In 2009, most of the 945 state-owned pharmacies in Sweden were sold to private owners who quickly rebranded their estates in order to find a way to attract customers. Their services were all identical so branding was the only meaningful way for them to carve out a share of the market.
Branding builds value and resilience which in the light of another larger than expected hit to UK pharmacy remuneration makes it one of the best ways to respond. While there are numerous options for pharmacy contractors who are thinking about ways to survive and thrive, investing in your brand has some important advantages.
Your brand is the experience that people have when they come into contact with your pharmacy and the feelings and thoughts they have as a consequence. These feelings and thoughts will determine whether they seek your pharmacy out or look elsewhere for pharmaceutical care in the future. How else could people make that decision? They don’t know about the immaculate CD records that you keep or the efficiency of your stockholding. They can only appreciate what they experience. Yes, it’s important to keep tidy CD records and know how much stock you’ve got at any point in time but only so that your customer experiences the level of service that you want to deliver. Directly controlling people’s feelings and thoughts and hence their behaviour isn’t possible so we can only hope to have an influence by exerting what control we have over the experiences that create those feelings and thoughts in the first place.
By managing experiences we hope to create memorable associations in the mind of our customers. For example ‘I like and use this pharmacy because it is [insert your associations of choice here].’ When we’ve created these associations we protect them and raise awareness of our brand. Before we know it we are managing our brand. If we have positive associations your brand will have meaning and add value and resilience to your pharmacy during hard times. Like now. It is not a quick fix but when done well it is a sound long term investment that keeps on adding value over time.
Where to start though? Good question. Try starting here…
The seven Ps
The way your customers experience your brand is the synthesis of the seven Ps of marketing. In other words if you think about seven key areas of how you implement your marketing strategy you will be managing your customer experience. They all happen to begin with P which is handy. You may have heard them called the Marketing Mix. Booms and Bitner developed this model in 1981 which replaced the earlier four Ps model developed in the late 70’s. At DOSE we believe the seven Ps model applies to pharmacy way more than the four Ps. It reflects the heavy service focus of our practice.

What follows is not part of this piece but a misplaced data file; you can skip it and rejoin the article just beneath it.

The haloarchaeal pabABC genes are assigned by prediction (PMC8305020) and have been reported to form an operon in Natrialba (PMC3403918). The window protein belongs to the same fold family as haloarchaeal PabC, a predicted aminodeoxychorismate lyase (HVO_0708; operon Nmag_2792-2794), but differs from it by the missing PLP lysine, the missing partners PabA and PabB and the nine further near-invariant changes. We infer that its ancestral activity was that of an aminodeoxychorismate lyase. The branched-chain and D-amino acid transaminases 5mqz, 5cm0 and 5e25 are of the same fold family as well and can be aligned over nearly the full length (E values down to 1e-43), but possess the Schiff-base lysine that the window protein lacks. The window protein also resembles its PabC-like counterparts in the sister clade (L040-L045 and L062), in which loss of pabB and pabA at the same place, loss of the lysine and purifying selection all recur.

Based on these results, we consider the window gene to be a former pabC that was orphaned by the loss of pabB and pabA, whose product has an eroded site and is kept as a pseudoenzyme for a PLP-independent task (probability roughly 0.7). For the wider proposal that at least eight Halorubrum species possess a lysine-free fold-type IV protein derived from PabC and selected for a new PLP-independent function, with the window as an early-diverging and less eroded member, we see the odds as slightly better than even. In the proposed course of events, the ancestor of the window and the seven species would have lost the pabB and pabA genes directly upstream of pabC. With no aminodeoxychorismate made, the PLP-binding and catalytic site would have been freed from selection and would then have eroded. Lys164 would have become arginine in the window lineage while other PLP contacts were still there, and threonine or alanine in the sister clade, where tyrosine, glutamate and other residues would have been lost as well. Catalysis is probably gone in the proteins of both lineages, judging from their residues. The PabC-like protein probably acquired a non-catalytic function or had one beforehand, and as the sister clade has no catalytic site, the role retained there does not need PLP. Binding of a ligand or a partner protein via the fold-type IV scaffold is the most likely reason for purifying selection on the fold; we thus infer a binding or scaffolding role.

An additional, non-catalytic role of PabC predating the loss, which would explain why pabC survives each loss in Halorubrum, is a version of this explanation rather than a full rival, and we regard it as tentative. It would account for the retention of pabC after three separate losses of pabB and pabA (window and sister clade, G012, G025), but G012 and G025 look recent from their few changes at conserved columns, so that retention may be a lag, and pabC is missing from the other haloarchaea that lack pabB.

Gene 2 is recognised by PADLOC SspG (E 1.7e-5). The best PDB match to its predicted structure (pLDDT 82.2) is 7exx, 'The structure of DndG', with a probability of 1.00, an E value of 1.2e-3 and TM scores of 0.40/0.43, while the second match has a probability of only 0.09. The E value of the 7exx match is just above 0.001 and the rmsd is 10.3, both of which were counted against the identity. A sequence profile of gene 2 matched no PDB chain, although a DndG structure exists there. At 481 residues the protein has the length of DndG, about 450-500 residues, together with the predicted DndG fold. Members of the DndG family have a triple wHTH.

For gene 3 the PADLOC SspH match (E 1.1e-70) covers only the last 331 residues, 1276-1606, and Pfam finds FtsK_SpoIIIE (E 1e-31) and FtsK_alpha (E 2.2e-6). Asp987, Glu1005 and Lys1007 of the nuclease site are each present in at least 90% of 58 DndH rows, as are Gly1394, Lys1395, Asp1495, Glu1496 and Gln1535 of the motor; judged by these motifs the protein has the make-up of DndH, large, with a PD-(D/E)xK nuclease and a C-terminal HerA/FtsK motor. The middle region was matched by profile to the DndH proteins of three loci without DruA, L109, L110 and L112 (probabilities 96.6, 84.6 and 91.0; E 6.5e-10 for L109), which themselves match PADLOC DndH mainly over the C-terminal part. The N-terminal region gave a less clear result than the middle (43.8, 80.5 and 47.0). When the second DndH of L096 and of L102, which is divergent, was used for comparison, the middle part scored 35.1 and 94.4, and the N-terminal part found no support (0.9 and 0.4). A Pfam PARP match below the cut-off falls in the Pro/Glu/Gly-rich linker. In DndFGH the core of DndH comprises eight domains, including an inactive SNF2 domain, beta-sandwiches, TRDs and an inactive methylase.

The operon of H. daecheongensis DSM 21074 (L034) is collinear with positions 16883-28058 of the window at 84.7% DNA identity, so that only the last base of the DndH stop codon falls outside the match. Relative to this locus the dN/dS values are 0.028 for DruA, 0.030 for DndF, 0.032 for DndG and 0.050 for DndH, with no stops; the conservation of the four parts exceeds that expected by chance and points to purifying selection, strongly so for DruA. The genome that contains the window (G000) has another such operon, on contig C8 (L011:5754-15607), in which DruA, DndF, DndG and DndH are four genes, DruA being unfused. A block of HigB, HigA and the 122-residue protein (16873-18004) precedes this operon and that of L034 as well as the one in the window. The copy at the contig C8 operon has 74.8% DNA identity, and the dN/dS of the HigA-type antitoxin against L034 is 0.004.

The original four Ps
The original Ps include product, price, place and promotion.
Your product, meaning anything you are offering your customers in this case, is obviously an important consideration. How you define your product, what’s included, what isn’t included etc., all make a difference.
The price you charge is critical in most industries but for large swathes of our services, those commissioned with fixed remuneration and free at the point of care, price isn’t relevant. For private services and retail products it really is. Pricing is fascinating.
Place means your route to market. So it means distribution channels. Until fairly recently pharmacies only offered their services from their registered premises. Now we have digital channels and outreach clinics in range of settings. Place also means the environment from which the pharmacy operates.
Promotion is the act of raising awareness of what you offer. It is the communications element of marketing.
The other three Ps
The original four Ps were developed as an overall model for the marketing mix. As service industries developed it became apparent that there were other things businesses needed to think about that were not covered by the model. They were captured by the new Ps: people, process and physical evidence.
People are arguably the most potent force in the marketing mix and one that is often overlooked. In a pharmacy they can make or break the experience. Removing them can reduce the risk of a negative impact but also the opportunity to win a customer’s advocacy. Whatever you do, you can’t ignore them.
How your service is delivered or in other words, the process used, will define the customer experience. It should be something that is considered rather than something that develops as a result of other concerns.
Finally despite many of our services having an intangible benefit or outcome we almost always leave the customer with some physical evidence of what they’ve received. This may be a bag, leaflet, appointment card, report etc. This physical evidence will be what reminds them of the experience when they leave your pharmacy.
Pharmacy branding can become a lot more manageable when you use the seven Ps model.
Still with us?
Creating and managing an experience is not easy! Using the seven Ps in combination can help you do so and give you a long term competitive edge that is very hard to replicate and provides a reason for people to come to your pharmacy, not your competitors. It can help you win market share, customer loyalty and will build value and resilience to help you survive and thrive. The Swedish market taught us some interesting lessons and highlighted the importance of brand when product offering is very similar…